Friday, 22 June 2012

Education policy by dictat.

I had thought it was R A Butler, among other things one of our greatest ministers of education, who coined the phrase "democracy is government by discussion" but a quick glance at Wikipedia says it was Sir Ernest Barker.  Maybe Butler just publicised it.

Whatever the source, the present Secretary of State for Education,(an example of title inflation?) Michael Gove, seems more interested in dictating educational policy rather than discussing it with those who know what they're talking about.  His ridiculous prescription for he primary school curriculum is the subject of a previous post.  Now, in addition to his covert reintroduction of selection at 11+ via a melange of so-called "free" schools and "academies," he wishes a further sorting of our children into sheep and goats by re-introducing what he fondly believes is a more rigorous "O" level style examination at 16+ for the academic elite.

I've never been much involved in 16+ teaching and examining, and when I have I've avoided course work options as far as I could.  I also prefer examination questions which require reasoned coherent answers rather than the ticking of boxes. I'm quite sure that those involved, and particularly those who do the actual teaching, are perfectly capable of producing a range of examinations to suite various talents and abilities under the same umbrella and without a major overhaul of the system to take us back to what Mr Gove sees as a golden past.

The irony is that education specialists increasingly question the need for any national external examinations at all at 16+.  Now that most young people are required, one way or another, to remain in education or training until hey are at least 18, abandoning national 16+ assessments  would free up schools to concentrate on the excitement and fun of  both  learning and teaching rather than obsessing with grades and league tables.


  1. What's in a name? O levels were intended to discriminate the top %20 bound for university but now it is %50 this seems irrelevant.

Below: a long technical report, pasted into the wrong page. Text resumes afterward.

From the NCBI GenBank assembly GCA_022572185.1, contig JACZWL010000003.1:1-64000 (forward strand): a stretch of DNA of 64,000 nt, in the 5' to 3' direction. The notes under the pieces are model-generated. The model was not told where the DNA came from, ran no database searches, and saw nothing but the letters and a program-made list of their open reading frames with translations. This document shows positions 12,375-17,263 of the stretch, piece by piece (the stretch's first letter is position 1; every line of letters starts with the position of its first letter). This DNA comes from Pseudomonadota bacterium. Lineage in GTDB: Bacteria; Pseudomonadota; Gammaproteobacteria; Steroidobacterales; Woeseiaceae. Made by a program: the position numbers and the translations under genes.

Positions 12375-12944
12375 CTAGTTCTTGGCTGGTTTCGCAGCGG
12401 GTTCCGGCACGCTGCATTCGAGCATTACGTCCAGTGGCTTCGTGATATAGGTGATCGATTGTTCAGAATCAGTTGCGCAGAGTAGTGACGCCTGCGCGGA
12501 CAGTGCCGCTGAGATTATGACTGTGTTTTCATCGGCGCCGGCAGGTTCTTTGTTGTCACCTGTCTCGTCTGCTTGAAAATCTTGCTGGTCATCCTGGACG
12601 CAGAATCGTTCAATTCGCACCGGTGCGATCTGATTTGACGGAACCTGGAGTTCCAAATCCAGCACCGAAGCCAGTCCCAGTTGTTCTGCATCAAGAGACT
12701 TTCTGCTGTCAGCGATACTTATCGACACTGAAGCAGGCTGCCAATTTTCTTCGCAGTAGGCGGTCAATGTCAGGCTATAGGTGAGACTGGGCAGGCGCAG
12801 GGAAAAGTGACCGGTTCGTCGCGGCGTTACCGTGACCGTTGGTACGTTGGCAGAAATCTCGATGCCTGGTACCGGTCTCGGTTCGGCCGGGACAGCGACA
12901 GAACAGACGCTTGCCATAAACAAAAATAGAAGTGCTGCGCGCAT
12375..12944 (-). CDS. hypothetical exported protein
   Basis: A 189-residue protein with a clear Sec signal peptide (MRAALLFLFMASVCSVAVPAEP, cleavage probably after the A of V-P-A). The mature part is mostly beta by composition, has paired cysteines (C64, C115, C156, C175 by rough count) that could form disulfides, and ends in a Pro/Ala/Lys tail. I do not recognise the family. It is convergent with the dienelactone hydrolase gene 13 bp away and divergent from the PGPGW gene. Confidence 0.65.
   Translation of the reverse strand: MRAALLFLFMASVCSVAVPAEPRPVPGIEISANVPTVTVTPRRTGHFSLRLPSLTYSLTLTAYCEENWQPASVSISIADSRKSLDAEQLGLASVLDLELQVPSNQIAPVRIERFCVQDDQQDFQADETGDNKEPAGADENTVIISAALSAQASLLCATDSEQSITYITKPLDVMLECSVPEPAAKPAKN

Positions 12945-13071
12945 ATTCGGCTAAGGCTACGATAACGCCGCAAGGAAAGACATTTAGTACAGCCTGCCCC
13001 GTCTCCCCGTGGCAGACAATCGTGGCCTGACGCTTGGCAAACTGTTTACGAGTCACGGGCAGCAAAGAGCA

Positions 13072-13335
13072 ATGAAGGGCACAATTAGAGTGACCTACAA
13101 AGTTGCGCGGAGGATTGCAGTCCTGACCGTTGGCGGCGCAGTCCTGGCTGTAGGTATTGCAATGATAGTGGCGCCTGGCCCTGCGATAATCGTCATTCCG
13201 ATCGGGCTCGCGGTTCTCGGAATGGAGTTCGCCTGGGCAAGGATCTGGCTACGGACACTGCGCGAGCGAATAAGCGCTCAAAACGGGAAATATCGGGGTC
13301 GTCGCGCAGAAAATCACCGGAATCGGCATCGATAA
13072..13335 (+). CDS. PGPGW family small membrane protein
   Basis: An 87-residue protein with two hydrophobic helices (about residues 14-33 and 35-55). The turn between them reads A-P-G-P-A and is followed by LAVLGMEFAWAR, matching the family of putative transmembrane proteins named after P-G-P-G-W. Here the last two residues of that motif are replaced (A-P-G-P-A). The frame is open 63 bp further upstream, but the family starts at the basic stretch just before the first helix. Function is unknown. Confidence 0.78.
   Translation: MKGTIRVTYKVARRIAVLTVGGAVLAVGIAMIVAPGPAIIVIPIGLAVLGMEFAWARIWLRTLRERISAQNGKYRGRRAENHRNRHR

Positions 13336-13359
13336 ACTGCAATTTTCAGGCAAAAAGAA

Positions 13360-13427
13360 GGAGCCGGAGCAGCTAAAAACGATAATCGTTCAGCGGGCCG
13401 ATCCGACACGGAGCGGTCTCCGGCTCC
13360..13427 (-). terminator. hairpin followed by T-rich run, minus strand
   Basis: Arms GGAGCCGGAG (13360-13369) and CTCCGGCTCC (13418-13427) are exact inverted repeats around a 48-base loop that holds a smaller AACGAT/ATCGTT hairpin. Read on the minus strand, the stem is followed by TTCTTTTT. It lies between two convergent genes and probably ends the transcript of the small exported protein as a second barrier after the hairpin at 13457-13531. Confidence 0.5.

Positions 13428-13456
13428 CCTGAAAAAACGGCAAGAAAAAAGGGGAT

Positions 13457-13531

Gove seems to be obsessed by publicity and sensationalism.
    he should be told to shut up.

  2. I notice that Mr Gove is now being spoken of as a leader of the Tory party. Doubtless his consensual manner will be an asset there. Meantime I rather expect that schools will mourn the day that the local authority shield against the whims, fancies and obsessive micro management of central government has been taken down.

  3. Stuart: I think there's quite a lot in a name. When CSEs were introduced they were clearly seen as "second class" and for the "less able." I think it is far better to have a range of levels under the same umbrella. As is often the case the Australians are half a century ahead of us. When I was at Port Moresby High School in the 1970s we worked to the New South Wales curriculum. At 16+ the "students", as they were called even then, took a minimum of five (I think - it's along time ago) subjects for their School Certificate, but each subject could be taken at any of Advanced, Ordinary, Modified or Activity level. So everyone who completed the compulsory school course gained a School Certificate, but you needed to look "inside" it to find the various levels of achievement and ability. "Drop-outs" of course, didn't get a School Certificate. I think that was an egalitarian system which told those who needed to know what they needed to know. Now I hope they've abandoned external testing at 16+, as we should too.

    Richard T: I entirely agree with your sentiments about local authorities. Today the phrase "free from local authority control" which applies to so-called "academies" and "free" schools implies that LA control is restrictive and even stultifying. What nonsense. Local authorities use economies of scale the better and more cheaply to perform various functions (negotiating building and employment contracts, paying wages, providing psychological and counselling services etc and, in my day, a generally helpful team of advisers. I was educated under the old West Riding Education Authority, then led by Sir Alec Clegg, whose innovations, especially at primary level, were admired and copied in many parts of the UK and, indeed the world.